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ISP’s Improve Broadband Speeds: However, Competition Troubling

ISP’s Improve Broadband Speeds: However, Competition Troubling

While US ISP’s improved on advertised speeds for delivered broadband, the cost of access continues to be a concern.

ISP’s Improve Broadband Speeds: However, Competition TroublingA new report issued by the FCC, Measuring Broadband America – 2012, based on broadband advertised speeds vs. delivered speeds improved substantially from 2011 to 2012. The survey of 6,500 household’s revealed speeds increased to 96% delivered from 87% in 2011. That is a marked increase year-over-year with fiber leading the way at 117%, cable coming in at 99% and DSL reaching an average of 84%.  The last survey taken in August 2011 indicated broadband speeds were divergent in actual vs. delivered speeds across different companies. The most recent report indicted those divergent speeds were much closer to each other by company.

Great News, but with a Catch

Although overall average speeds increased during the period, prices for broadband service were substantially higher than other countries. Competition, which is a governing factor on US economic pricing, continues to be an issue on how much consumers must pay for those speeds. In foreign countries pricing is substantially lower than US levels going back to a lack of competitive pressures which tends to reduce overall prices for goods and services.

ISP’s Improve Broadband Speeds: However, Competition Troubling

Measuring Broadband America – July 2012 – FCC Report

US Lags in Competition Compared to Global Counterparts

According to the FCC this is troubling, and should to be addressed going forward. The regulator has long lobbied for more competition within the ISP industry believing in the resulting positive effects on consumer pricing, and job creation.  The New America Foundation released a recent report, The Cost of Connectivity, which undertook a comparison of high-speed Internet prices in 22 cities around the globe, found interesting statistics regarding competitive pricing. Their research centered on pricing, download-upload speeds, and bundled services.

“When looking at the cost and speed of Internet access in major U.S. cities in comparison to other global cities, it is difficult to ignore the fact that the U.S. is so much more expensive than many of its international counterparts.” – (New America Foundation)

Interestingly, the foundation indicated that the key metric in its findings, which conveys US consumers often pay more for slower broadband access than its foreign counterparts, was a lack of serious competition across markets. The report found that where competition of at least 3 service providers existed within a market, prices were lower and speeds were higher. These results are undeniable, that increased competition is good for market forces, including price demand and job creation.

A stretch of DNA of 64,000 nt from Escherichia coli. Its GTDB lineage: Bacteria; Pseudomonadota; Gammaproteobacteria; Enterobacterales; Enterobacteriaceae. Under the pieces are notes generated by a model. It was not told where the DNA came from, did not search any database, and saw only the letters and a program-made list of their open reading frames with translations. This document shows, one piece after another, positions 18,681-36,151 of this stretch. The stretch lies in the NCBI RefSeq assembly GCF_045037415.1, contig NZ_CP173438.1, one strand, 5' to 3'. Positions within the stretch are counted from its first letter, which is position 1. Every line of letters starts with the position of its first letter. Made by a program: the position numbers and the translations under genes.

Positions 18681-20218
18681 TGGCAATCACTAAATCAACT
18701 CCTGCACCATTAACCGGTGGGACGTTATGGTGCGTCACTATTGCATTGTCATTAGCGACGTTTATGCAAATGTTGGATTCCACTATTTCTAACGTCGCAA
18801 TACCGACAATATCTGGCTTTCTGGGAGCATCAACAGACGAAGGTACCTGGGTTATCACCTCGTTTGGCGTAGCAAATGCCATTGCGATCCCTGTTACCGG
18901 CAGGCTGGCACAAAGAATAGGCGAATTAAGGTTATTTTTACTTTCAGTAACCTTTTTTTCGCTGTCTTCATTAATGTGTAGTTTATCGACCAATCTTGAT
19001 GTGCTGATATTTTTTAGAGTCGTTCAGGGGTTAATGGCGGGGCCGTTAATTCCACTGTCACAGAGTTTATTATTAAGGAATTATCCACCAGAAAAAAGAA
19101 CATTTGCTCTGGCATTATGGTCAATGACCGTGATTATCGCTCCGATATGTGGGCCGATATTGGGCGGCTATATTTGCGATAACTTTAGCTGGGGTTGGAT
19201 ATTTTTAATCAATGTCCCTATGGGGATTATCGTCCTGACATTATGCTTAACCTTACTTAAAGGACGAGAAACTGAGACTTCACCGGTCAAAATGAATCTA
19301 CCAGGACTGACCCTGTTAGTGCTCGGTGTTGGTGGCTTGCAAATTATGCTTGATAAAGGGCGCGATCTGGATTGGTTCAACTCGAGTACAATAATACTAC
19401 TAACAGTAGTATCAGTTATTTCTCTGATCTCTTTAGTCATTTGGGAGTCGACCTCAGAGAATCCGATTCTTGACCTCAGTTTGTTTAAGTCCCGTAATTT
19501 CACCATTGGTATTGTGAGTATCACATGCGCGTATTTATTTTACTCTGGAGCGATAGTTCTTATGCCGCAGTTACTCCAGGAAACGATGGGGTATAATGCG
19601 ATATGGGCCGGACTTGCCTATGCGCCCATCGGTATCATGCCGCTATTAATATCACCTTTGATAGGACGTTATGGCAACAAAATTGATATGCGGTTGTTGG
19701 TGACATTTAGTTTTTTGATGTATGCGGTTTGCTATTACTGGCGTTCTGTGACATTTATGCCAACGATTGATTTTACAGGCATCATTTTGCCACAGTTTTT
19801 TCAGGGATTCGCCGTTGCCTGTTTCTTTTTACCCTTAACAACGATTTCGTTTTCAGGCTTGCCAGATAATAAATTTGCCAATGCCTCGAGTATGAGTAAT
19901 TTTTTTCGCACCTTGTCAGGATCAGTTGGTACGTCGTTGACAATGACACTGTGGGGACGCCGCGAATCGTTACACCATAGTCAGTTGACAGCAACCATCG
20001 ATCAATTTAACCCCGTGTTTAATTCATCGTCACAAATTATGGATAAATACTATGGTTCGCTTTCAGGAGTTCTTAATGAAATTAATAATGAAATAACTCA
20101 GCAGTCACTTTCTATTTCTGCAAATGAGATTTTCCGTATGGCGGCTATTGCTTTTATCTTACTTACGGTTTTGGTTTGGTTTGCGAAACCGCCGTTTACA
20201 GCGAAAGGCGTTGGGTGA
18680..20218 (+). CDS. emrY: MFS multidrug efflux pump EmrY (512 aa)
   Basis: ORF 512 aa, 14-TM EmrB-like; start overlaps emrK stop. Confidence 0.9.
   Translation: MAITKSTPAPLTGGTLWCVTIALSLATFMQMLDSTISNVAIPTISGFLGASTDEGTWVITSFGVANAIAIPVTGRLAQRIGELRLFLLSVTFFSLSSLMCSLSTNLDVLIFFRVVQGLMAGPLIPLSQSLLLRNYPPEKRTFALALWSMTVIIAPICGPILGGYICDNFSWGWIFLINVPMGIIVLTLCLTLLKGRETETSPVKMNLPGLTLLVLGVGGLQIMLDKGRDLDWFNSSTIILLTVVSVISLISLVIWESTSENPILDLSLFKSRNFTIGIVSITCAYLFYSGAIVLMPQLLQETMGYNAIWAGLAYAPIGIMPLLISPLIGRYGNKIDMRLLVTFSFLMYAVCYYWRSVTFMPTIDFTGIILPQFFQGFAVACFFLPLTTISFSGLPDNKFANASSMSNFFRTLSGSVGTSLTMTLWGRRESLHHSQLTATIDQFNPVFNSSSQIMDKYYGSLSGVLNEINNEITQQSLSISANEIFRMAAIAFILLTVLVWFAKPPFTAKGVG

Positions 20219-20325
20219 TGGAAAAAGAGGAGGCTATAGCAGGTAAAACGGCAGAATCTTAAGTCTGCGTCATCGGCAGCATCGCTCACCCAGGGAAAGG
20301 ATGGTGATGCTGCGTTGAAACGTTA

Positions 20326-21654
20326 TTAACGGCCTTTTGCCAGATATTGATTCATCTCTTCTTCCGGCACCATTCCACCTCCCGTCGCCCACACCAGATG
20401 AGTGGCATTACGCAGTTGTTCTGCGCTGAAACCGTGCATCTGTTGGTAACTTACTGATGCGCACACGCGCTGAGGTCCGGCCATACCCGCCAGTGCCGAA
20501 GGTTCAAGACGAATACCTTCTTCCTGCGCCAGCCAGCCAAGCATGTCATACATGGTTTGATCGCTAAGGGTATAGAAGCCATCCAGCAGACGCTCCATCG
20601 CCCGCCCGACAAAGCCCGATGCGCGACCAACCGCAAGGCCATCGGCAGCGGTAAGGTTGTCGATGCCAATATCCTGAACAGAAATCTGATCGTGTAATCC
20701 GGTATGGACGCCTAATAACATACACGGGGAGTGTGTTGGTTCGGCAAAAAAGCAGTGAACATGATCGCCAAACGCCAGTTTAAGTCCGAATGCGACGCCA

U.S. ISP’s: Too Large, Too Complacent

Clearly the US has work to do in becoming a global competitor in broadband metrics. This includes affordable access to consumers and businesses, reasonable speeds of broadband service offered, including download-upload capability. Until legislators are willing to tackle the competition issue head-on, the US will languish in lackluster broadband access and performance in a global setting. Have we created a large non-competitive ISP industry which has become complacent and slow to meet market demands? I think so, if you look at hard data on a global scale.

photo credit: USDAgov via photo pin cc

ISP’s Improve Broadband Speeds: However, Competition Troubling
ISP’s Improve Broadband Speeds: However, Competition Troubling Leonard Grace (270 Posts)

Founder of Broadband Convergent, a Broadband-Mobile-Cable-Wireless-Telecom market website focused on highlighting industry news and strategic issues within technology arenas. Highly researched and experienced insights and trends both inform and enlighten readers on current industry convergence of Broadband-Cable-Mobile-Wireless and Telecom Sectors.

ISP’s Improve Broadband Speeds: However, Competition TroublingISP’s Improve Broadband Speeds: However, Competition TroublingISP’s Improve Broadband Speeds: However, Competition TroublingISP’s Improve Broadband Speeds: However, Competition TroublingISP’s Improve Broadband Speeds: However, Competition TroublingISP’s Improve Broadband Speeds: However, Competition Troubling

  • Chuck

    I believe this message is fundamentally wrong. There IS competition in nearly every market via CATV,telco and wireless. The fact that the price is higher than many other countries is driven by far more than greed – government regulations, taxes, fees and the sheer size of US networks combines to raise the cost to deliver service. I am no expert, but price is not an apples-to-apples comparison when comparing nations.

    • http://www.ivpcapital.com/blog Michael Elling

      Chuck. The US had the lead 15 years ago. It is less than a duopoly today; more like a monopoly. Bandwidth pricing disconnected from Moore’s and Metcalfe’s laws about 10 years ago and as a result is 20-150x overpriced on a price/performance basis.